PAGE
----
Fear also leads to procrastination and that’s a grave where dreams and opportunities are buried.
“In an opinionated world, some believe that taking a stance, particularly political or social, could alienate certain audiences,” Michelle wrote. “However, if that position aligns with your ‘why’ and it is authentic to your spirit, then it’s worth acting upon.”
She’s right. Back when my grandparents operated a retail store and oil delivery business in the 1960s, it was considered a big no-no to express an opinion on anything. There were plenty of issues in that era for which people could express an opinion.
But, when you operate the only grocery store and heating oil delivery business in a community of 1,000 people, you probably don’t want to irritate too many current or potential customers.
On the other hand, I have already decided to take a faith-based approach to Forward From 50 even though I know it could offend and tune out a number of people.
Yet, if I truly believe that God designed people for a particular purpose, equipped them with special talents, instilled a hunger in them to develop certain skills and aligned life experiences to give them wisdom to carry out a specific assignment, then I would not be genuine to advocate from that faith-based perspective.
Take a risk. Be genuine, even it offends some people. You don’t want them dragging you down anyway. It’s more fun to run with one than to drag 12.
4. Be “always on” in effort.
Ideally, our purpose is ingrained into everything we do. It’s not something that we switch on and off. Remember the old Dunkin Donuts commercials of the 1980s? The baker begrudgingly announced when leaving his house every morning, “It’s time to make the donuts.”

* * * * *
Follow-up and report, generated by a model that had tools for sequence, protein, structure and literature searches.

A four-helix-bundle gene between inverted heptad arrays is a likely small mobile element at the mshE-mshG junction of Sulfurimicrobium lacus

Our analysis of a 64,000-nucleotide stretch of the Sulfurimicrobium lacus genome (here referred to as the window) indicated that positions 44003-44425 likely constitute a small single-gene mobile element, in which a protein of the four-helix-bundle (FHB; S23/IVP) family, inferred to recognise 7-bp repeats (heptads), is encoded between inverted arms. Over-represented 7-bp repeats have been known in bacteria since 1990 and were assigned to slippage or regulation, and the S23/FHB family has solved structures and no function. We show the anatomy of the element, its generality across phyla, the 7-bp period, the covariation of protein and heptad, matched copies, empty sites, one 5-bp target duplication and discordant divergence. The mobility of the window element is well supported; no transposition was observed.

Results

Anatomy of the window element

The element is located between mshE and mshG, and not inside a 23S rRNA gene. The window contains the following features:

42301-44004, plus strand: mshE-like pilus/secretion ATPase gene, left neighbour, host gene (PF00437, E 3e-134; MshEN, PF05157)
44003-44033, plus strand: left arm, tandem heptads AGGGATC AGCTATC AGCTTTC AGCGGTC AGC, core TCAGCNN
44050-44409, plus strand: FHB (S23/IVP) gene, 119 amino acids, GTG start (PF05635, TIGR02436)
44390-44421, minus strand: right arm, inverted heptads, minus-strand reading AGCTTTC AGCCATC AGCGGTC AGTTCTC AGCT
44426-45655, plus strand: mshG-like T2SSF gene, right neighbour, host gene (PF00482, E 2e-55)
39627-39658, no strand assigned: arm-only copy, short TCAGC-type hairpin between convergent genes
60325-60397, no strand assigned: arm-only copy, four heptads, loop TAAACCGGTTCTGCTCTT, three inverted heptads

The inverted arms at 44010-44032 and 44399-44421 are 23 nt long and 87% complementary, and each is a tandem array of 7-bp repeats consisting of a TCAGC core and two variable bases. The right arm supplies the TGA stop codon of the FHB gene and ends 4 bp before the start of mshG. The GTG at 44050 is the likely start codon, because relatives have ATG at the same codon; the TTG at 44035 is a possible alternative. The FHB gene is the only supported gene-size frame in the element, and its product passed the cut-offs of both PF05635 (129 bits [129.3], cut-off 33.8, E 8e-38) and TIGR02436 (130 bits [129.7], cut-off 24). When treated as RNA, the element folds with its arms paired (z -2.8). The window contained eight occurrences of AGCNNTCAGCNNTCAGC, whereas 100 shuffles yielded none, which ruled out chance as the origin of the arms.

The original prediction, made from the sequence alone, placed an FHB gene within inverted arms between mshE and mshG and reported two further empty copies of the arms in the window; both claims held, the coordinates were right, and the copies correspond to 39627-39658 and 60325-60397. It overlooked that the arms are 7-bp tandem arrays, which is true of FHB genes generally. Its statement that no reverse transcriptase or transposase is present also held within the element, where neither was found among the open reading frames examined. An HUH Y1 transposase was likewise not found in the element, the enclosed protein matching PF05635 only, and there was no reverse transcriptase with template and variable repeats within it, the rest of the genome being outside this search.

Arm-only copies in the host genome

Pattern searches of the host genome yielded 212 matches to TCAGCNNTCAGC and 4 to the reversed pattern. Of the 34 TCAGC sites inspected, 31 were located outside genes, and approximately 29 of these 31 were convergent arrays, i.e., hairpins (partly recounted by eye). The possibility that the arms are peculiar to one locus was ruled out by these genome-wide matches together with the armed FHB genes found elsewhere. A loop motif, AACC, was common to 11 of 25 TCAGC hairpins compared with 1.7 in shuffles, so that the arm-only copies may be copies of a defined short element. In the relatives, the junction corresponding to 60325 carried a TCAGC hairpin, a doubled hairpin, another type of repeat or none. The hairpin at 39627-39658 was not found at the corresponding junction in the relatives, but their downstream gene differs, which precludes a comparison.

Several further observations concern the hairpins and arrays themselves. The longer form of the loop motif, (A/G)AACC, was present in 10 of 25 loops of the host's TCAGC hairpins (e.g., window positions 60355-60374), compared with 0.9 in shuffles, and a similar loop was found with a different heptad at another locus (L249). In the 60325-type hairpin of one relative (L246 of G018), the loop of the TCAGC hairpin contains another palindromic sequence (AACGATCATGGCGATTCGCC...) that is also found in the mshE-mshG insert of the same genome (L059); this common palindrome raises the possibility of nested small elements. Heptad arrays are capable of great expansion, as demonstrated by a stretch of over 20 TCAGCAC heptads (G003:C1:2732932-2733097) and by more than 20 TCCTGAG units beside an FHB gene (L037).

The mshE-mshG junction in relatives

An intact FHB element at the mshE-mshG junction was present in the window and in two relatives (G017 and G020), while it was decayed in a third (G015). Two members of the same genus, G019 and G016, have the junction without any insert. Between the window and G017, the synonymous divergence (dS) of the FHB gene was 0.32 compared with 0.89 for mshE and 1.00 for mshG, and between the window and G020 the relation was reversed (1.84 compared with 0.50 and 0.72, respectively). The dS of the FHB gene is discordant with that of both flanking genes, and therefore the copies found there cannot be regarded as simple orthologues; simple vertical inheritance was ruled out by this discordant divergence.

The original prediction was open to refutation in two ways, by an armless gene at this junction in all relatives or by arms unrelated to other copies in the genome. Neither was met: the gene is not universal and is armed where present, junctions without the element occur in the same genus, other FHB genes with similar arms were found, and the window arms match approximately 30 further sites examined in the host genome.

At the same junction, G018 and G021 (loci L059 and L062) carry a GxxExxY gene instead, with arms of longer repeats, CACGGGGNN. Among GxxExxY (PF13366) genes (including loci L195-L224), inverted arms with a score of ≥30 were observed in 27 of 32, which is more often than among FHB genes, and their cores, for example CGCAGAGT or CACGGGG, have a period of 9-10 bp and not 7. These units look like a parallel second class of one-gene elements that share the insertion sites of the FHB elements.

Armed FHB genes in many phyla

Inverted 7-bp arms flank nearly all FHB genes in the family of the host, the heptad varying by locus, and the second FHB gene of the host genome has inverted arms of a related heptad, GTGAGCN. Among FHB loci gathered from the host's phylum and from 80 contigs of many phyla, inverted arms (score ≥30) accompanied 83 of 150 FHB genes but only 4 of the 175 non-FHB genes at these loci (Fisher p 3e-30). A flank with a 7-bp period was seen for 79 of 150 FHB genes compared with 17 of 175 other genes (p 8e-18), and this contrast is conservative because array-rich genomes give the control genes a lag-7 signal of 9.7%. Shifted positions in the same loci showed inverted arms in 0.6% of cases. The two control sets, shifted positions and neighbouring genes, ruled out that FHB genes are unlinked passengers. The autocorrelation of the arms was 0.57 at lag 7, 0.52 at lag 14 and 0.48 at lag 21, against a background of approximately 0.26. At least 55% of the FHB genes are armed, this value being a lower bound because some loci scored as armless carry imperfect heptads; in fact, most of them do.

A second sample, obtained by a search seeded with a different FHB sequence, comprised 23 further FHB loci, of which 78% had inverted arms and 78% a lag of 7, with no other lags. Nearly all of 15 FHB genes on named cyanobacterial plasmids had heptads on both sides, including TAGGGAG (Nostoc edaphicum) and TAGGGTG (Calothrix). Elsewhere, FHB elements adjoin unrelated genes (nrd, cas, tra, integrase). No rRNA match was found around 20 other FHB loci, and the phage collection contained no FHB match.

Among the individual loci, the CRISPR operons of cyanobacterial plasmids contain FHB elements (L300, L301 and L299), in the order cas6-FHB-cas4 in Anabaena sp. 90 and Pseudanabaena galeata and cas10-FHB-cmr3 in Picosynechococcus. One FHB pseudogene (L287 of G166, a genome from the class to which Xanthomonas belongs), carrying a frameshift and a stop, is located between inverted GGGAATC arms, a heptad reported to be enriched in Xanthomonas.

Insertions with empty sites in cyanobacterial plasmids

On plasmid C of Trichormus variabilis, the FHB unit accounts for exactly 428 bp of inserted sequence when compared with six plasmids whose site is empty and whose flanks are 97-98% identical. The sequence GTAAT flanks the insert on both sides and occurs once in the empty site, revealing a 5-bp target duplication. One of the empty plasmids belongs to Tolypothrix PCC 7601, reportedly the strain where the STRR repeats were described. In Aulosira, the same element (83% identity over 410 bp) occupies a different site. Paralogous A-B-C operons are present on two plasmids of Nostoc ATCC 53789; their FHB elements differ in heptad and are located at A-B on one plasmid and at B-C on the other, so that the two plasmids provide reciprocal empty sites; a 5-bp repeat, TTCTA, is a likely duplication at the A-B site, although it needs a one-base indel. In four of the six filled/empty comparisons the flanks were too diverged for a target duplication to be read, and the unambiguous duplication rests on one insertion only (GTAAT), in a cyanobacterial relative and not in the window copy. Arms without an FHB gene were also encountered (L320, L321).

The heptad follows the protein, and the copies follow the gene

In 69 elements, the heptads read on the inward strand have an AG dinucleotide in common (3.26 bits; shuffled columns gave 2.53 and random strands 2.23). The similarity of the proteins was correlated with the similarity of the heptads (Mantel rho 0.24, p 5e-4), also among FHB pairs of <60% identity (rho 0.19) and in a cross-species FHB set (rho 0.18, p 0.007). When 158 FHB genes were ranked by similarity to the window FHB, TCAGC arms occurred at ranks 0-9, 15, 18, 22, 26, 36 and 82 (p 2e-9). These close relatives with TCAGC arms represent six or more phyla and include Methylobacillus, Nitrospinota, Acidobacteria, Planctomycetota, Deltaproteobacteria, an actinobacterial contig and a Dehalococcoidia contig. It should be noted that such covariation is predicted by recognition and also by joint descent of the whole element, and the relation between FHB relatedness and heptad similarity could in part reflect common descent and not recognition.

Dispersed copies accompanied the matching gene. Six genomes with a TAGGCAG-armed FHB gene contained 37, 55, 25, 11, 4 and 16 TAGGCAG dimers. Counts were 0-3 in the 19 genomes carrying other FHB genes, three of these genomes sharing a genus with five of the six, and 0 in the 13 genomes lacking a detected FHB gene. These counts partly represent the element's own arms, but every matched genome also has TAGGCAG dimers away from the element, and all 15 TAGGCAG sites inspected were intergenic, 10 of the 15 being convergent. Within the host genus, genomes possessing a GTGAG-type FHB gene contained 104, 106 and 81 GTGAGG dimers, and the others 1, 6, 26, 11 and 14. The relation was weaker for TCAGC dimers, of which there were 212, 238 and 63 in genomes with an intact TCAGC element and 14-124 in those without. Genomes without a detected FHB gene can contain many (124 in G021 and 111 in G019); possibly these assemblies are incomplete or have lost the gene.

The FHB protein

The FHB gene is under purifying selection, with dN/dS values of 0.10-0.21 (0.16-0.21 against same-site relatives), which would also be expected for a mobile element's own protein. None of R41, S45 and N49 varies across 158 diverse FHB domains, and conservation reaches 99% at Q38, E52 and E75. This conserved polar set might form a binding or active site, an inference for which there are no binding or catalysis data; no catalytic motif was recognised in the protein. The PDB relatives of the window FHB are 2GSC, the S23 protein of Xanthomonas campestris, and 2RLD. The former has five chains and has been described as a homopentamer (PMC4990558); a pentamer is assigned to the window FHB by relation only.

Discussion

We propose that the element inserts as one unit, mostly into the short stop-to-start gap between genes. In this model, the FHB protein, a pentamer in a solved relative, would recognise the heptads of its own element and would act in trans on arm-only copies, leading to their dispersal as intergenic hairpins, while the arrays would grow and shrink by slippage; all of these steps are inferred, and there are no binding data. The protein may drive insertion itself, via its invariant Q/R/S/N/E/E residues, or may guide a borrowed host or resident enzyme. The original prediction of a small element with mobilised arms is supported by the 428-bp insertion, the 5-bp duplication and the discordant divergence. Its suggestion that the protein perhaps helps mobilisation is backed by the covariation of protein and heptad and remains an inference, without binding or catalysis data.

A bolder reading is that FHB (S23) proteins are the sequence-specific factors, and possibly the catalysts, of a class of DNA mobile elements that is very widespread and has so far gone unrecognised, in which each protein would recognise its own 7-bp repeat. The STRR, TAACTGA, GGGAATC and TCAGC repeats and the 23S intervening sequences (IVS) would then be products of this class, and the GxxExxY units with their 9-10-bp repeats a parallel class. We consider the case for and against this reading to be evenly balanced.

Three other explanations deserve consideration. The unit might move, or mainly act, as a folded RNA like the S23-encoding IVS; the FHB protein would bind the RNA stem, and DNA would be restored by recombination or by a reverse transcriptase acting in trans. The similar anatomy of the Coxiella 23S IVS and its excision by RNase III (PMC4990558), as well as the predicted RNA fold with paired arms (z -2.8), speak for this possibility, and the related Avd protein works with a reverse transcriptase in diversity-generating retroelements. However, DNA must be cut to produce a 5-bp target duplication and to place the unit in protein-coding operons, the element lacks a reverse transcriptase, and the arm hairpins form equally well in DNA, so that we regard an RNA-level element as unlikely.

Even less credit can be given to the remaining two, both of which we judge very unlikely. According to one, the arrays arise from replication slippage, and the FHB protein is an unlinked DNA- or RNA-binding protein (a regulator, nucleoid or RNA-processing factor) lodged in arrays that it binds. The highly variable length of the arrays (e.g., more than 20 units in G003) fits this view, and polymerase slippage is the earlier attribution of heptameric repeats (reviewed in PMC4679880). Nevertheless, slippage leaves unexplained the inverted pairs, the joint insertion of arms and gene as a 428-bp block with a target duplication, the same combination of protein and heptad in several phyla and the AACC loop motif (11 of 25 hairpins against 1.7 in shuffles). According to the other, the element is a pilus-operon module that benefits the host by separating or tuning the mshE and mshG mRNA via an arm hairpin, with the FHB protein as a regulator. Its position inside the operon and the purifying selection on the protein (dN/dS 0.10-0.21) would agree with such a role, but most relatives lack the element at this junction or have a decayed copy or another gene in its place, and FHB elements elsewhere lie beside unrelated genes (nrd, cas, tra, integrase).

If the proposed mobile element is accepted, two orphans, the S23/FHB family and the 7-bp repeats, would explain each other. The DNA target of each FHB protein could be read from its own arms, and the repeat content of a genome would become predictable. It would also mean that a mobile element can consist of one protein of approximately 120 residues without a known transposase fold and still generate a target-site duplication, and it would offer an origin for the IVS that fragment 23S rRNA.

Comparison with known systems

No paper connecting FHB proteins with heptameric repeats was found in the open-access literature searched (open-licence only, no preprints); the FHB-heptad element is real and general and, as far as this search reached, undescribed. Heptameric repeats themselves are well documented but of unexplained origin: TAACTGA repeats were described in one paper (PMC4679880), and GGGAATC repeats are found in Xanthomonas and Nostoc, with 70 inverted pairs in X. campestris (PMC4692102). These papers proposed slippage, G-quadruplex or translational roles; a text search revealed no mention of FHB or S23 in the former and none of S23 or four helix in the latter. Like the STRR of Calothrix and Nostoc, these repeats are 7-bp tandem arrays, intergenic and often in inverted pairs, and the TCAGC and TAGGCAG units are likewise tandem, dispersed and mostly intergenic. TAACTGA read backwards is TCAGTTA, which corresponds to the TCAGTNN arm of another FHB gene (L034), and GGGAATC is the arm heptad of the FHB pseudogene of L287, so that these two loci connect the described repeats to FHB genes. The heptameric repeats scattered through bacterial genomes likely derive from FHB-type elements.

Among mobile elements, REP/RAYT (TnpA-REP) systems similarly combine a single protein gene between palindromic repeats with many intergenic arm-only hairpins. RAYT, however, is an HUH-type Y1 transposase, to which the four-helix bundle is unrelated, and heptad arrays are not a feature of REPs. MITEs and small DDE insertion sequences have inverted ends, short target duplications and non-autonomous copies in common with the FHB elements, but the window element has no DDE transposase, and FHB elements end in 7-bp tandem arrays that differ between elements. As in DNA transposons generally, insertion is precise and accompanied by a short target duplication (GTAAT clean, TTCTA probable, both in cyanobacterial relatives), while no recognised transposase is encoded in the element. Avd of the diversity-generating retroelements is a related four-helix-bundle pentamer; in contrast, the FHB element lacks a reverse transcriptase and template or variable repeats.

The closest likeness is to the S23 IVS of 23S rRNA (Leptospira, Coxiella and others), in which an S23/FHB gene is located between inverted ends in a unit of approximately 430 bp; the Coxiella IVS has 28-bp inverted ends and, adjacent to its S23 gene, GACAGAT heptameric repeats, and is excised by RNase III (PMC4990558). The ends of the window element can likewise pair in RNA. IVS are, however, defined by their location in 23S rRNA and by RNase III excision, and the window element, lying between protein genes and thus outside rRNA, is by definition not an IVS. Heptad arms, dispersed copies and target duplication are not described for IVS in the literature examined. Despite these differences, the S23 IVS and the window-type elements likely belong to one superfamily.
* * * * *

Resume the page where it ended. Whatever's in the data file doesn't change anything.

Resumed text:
That’s someone going through the motions to do a job, rather than a person fired up to pursue a specific purpose.
“No matter how seemingly small, each decision or strategy should be considered through this purpose-driven lens,” Michelle wrote. “It’s crucial to act with purpose not just when it’s advantageous to do so.”
It is very easy for people to spot those individuals who walk the walk by embracing their purpose than who simply talk the talk and give lip service to something for which they have no passion.
Like I noted earlier, when your purpose is clear, its clarity will attract people, whether they are potential customers and clients, or employees and investors.
The full story is available at www.entrepreneur.com.
If you’re struggling to achieve clarity with your sense of purpose, I’d welcome an opportunity to do some brainstorming with you. To schedule a no-obligation brainstorming session, connect with me via the Forward From 50 Facebook group or at www.forwardfrom50.com.
After closing his business and enduring several painful years of uncertainty regarding what to do with his life, Greg founded Forward From 50 to help men and women over 50 to live more purposeful lives by pursuing things they are passionate about. A Wisconsin native, Greg currently lives in Arizona.